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Planning makes Perfect

Estate planning at life's turning points

My dad taught me how to sail. He taught me how to properly shake hands. My mom taught me to be kind to others and relish the joy of letter writing. 

What I wasn't made privy to, however, was the importance of legal and financial planning. My husband and I hammered out our first (and only) will when our second child was born. And, for estate planning, we are just now turning to the professionals.  

For this story, we talked to Oren Ross of Oren Ross & Associates. The Roswell firm specialize in estate planning – creating trusts, wills, and associated documents. We appreciate that he is willing to build a customized, comprehensive estate plan for us, taking into consideration family dynamics, taxes, business ownership (that's me), nursing home expenses, legacies, and final wishes.

Oren is licensed to practice law in the State of Georgia, is a member of the State Bar of Georgia Fiduciary Law Section, the State Bar of Georgia Elder Law Section, and the North Fulton Bar Association. He lives in Johns Creek with his wife Rachel, their son Bo, and their three cats and two dogs. He volunteers at the Atlanta Humane Society in his free time, and is passionate about exercise and physical fitness.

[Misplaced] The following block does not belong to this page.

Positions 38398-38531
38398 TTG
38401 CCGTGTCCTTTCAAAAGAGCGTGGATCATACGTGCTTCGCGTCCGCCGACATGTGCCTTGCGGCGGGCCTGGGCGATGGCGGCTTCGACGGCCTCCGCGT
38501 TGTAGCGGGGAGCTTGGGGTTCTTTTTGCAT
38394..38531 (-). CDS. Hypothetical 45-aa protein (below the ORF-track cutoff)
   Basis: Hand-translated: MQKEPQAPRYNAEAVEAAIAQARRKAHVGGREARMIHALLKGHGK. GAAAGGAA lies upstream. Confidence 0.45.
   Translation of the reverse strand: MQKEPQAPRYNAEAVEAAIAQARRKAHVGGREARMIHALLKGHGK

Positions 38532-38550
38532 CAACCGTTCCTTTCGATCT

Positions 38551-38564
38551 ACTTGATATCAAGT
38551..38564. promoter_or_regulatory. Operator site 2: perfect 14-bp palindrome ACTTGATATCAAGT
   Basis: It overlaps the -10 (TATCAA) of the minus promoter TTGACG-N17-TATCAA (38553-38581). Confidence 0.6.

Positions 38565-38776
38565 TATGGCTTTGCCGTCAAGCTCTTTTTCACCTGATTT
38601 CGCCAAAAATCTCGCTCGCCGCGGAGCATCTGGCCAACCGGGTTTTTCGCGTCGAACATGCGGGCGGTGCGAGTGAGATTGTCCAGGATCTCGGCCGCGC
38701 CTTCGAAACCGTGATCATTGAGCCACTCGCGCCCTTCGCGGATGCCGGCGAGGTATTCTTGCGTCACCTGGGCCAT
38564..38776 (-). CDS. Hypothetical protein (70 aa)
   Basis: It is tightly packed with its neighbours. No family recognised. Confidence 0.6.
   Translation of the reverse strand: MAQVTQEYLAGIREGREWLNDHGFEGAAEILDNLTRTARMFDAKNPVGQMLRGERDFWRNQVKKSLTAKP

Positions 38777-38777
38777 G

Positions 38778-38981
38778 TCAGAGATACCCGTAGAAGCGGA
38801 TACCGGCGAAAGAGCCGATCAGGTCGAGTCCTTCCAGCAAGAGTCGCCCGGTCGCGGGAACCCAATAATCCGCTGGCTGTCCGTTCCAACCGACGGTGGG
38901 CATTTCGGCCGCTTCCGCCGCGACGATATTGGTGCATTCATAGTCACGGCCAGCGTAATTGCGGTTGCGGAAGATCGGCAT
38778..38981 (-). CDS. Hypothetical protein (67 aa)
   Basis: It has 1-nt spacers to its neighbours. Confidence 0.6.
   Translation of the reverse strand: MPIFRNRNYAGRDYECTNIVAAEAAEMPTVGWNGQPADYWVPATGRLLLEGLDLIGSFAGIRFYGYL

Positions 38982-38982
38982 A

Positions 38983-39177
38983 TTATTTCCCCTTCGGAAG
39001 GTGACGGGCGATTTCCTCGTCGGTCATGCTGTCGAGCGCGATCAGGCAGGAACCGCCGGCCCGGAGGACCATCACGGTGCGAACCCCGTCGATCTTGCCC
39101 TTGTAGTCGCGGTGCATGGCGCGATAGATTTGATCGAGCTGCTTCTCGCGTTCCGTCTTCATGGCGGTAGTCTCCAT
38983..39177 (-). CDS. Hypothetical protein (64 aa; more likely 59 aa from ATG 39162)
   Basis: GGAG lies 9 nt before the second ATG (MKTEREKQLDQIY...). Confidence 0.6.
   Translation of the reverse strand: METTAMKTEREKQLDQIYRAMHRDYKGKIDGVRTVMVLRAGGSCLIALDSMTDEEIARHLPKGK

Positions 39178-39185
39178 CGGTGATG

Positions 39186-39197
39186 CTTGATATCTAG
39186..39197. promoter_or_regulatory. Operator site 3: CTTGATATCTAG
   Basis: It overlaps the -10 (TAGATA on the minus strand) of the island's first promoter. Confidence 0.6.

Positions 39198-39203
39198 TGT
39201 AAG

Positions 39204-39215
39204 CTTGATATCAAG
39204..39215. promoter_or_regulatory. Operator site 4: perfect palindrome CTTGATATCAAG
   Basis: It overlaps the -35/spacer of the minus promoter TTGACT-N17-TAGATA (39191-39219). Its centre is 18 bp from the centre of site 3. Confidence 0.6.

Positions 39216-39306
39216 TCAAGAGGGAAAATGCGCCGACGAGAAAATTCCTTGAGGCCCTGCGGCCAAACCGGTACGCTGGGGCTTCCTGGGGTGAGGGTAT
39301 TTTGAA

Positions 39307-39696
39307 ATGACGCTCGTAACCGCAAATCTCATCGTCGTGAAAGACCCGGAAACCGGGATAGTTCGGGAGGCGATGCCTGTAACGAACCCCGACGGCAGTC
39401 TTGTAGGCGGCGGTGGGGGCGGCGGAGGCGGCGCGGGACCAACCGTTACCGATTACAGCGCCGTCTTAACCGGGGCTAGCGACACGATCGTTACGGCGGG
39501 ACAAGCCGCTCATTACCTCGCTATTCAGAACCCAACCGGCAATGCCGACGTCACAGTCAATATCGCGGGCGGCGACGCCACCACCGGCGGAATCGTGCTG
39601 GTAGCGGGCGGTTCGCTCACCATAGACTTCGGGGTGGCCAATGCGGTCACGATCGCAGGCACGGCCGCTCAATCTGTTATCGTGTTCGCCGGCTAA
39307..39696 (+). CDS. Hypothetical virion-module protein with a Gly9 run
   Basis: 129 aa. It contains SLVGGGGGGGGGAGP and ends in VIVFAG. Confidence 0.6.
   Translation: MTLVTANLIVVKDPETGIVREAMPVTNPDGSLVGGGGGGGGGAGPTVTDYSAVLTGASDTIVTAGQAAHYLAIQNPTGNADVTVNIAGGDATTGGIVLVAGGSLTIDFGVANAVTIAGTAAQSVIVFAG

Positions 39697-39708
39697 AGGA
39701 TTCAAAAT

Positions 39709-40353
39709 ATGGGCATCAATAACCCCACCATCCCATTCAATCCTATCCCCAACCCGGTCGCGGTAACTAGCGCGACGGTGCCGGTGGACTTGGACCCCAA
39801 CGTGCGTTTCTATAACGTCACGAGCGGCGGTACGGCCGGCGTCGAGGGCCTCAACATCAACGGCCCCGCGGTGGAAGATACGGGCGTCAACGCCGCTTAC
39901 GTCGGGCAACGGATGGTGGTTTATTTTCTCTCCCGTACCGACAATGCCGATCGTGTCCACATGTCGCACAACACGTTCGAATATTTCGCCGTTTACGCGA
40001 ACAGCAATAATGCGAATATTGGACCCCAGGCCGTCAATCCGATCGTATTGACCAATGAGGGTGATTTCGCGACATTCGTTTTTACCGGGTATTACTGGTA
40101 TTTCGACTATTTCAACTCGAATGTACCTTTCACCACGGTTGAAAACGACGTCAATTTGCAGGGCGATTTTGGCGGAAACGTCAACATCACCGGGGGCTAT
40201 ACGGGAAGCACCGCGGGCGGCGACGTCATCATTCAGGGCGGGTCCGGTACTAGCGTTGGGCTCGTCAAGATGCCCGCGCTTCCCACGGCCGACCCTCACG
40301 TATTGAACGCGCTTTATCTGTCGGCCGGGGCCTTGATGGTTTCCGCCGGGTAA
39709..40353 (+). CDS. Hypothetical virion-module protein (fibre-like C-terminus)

We asked him about estate planning at three different turning points.

18-years old 

You need a financial power of attorney and advance directive for healthcare. Without those, parents can't manage your finances or make medical decisions for you without going through a long process in probate court.

Mid-20's

You now need powers of attorney, and should also consider having a last will and testament, especially if they are married, have children, or own a house. A will can name guardians for your children and make things a lot simpler for your family if you pass away.

40's

People need powers of attorney, a will, and should consider a living trust at this point. Wills go through the probate court, which is usually a long and expensive process. Living trusts allow us to bypass the probate court when you pass away, and your heirs can receive assets immediately.

Around retirement

Many people set up living trusts to avoid probate and make things as easy as possible for their spouse and children when they pass away.

OrenRossLaw.com

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